Foster care is a state-supported form of substitute family care, which should, under the new legislation on foster care benefits, ensure material security for the child and, taking into account the difficulty of this work, also provide the foster parents with adequate resources. The child may be placed in foster care of an individual or joint foster care of spouses. The current legislation has been in power since 1 January 2013. It explicitly stipulates the interest of the child as the determining criteria for foster custody. By law, foster care has priority over placing the child in an institutional setting. If the child can express his or her opinion freely, given his / her age and intellectual maturity, his / her opinion must be taken into account before deciding on foster care.
Foster care can be transformed into legal guardianship in cases where the child’s biological parents have died, had been deprived of their parental responsibility, their parental responsibility has been limited or suspended or their legal capacity is limited.
Foster care is granted by a court decision and only the court can terminate the foster care. It can only do so for serious reasons, but it must always terminate the foster care if the foster parent requests it. Foster care obligation ceases when the child reaches the legal age. The foster parent is obliged to support the child in maintaining contact with his or her biological parents and relatives. If the court decision has previously placed the child in institutional care, in a facility for children in need of immediate assistance or a temporary foster care, the court may temporarily place the child in custody of a person who is seeking the foster care but only with the parents’ consent. If the custody legal process has not been initiated within three months of the court decision, the court approval shall cease to have legal effect.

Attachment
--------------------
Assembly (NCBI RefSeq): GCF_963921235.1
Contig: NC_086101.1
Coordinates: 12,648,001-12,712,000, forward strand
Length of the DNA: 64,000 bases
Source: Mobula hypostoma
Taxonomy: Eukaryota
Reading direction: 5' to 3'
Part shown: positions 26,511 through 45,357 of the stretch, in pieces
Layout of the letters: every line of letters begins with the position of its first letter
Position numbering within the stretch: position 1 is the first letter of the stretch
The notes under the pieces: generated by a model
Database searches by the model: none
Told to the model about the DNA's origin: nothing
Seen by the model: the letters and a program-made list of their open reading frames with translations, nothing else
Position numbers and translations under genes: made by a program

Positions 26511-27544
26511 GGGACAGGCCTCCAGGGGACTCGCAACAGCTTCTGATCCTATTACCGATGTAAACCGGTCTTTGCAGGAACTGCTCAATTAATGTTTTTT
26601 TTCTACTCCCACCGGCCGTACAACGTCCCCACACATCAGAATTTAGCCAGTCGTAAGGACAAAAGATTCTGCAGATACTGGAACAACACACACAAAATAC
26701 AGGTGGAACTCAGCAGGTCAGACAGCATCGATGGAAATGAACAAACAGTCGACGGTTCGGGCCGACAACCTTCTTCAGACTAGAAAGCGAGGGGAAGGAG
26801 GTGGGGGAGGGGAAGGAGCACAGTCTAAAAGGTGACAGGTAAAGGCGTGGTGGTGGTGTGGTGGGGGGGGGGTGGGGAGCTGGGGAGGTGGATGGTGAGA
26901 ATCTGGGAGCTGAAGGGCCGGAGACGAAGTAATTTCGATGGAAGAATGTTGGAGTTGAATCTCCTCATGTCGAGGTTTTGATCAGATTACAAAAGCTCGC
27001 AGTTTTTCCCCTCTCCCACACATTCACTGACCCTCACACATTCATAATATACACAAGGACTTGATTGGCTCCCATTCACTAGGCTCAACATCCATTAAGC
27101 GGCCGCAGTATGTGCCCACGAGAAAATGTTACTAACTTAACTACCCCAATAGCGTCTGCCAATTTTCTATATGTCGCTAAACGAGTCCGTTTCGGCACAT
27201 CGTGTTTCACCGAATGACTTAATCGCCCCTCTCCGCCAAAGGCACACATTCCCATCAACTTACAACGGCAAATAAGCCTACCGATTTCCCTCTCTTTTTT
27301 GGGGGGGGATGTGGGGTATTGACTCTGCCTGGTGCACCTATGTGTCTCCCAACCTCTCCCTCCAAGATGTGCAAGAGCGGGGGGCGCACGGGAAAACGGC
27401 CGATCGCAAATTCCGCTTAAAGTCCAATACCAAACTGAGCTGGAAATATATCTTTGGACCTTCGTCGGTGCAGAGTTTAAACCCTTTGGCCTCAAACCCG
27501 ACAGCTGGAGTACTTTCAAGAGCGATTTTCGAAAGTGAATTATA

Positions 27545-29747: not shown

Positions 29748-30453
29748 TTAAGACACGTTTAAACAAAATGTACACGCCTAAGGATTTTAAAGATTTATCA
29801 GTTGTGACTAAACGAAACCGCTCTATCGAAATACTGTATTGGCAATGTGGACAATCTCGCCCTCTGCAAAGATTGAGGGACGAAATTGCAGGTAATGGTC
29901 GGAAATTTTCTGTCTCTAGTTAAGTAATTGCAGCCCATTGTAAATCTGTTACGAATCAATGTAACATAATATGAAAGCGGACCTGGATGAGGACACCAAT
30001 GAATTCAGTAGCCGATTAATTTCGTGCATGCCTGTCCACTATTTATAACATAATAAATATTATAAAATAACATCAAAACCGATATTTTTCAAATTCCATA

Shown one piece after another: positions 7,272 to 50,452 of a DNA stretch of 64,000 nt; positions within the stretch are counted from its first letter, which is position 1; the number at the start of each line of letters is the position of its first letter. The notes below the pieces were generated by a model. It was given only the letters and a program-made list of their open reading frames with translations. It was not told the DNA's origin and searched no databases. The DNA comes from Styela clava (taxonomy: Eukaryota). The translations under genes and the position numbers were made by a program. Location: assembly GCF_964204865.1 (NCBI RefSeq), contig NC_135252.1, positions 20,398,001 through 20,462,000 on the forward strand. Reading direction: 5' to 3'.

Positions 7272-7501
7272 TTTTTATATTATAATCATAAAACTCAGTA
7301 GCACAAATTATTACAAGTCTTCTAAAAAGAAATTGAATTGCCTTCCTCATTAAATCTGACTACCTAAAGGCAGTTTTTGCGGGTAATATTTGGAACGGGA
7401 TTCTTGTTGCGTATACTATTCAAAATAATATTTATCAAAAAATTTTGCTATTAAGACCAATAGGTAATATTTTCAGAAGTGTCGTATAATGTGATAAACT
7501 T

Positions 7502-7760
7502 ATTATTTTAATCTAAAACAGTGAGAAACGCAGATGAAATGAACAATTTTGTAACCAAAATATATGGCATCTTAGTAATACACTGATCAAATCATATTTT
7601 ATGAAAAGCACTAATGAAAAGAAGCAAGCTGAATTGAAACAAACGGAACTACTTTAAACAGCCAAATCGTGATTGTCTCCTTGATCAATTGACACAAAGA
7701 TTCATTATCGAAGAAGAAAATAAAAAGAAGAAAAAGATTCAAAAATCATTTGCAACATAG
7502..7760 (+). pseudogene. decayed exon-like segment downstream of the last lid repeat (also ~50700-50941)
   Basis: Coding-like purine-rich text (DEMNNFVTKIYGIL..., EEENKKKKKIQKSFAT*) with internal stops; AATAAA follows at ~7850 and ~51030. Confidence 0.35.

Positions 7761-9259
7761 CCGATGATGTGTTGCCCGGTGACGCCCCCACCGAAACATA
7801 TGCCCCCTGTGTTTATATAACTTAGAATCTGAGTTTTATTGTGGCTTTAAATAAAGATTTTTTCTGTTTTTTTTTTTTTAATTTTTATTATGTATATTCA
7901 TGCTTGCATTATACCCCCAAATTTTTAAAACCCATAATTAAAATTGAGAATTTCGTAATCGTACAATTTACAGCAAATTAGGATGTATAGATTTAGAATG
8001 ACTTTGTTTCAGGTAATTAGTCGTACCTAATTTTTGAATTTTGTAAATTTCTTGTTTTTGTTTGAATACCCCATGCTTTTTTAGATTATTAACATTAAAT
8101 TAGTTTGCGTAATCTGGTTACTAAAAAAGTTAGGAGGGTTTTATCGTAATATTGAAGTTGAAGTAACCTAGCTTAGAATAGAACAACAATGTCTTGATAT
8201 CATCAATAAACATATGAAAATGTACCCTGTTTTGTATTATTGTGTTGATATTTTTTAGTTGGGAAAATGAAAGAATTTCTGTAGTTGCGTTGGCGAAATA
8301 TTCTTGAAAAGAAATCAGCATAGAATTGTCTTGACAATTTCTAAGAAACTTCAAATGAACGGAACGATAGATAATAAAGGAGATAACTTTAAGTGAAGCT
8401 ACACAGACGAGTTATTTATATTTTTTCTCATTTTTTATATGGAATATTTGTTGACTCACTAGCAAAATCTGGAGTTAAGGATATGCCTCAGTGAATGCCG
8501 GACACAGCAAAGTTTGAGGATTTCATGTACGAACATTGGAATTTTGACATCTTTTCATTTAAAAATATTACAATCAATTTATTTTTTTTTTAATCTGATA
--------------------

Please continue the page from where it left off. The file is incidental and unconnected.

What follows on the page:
Temporary Foster Care – Section 27a of the Social and Legal Protection of Children Act
Since January 1, 2013, the legal regulation of temporary foster care has been significantly amended. Acting on a proposal from the authority of the social and legal protection of children, the court may entrust the child into the temporary foster care of persons registered by the regional authority as the temporary foster care providers for the period:
- for which the parent cannot raise the child due to serious circumstances (health issues, imprisonment and others);
- for the necessary period at the end of which the parent’s consent to adoption can be given (the earliest time for consent to adoption is six weeks after childbirth, i.e., for the new-borns awaiting the parental consent for adoption);
- until the court has finally decided that there is no need for parental consent (Section 821 of the Civil Code). This applies to children whose parents show a clear lack of interest. A parent’s lack of interest is considered to be clearly manifested if there were no contact attempt at least three months after the last genuine interest was expressed. However, if the parent’s conduct cannot be seen as a gross violation of his or her parental duties, the parent must be advised by the children social and legal protection authority on the possible consequences of their behaviour and at least three months with no contact attempt must have elapsed since such advice. The court decision on the parent’s lack of interest in the child is based on the assessment from the children social and legal protection authority acting as the child’s guardian or on the proposal of the parent.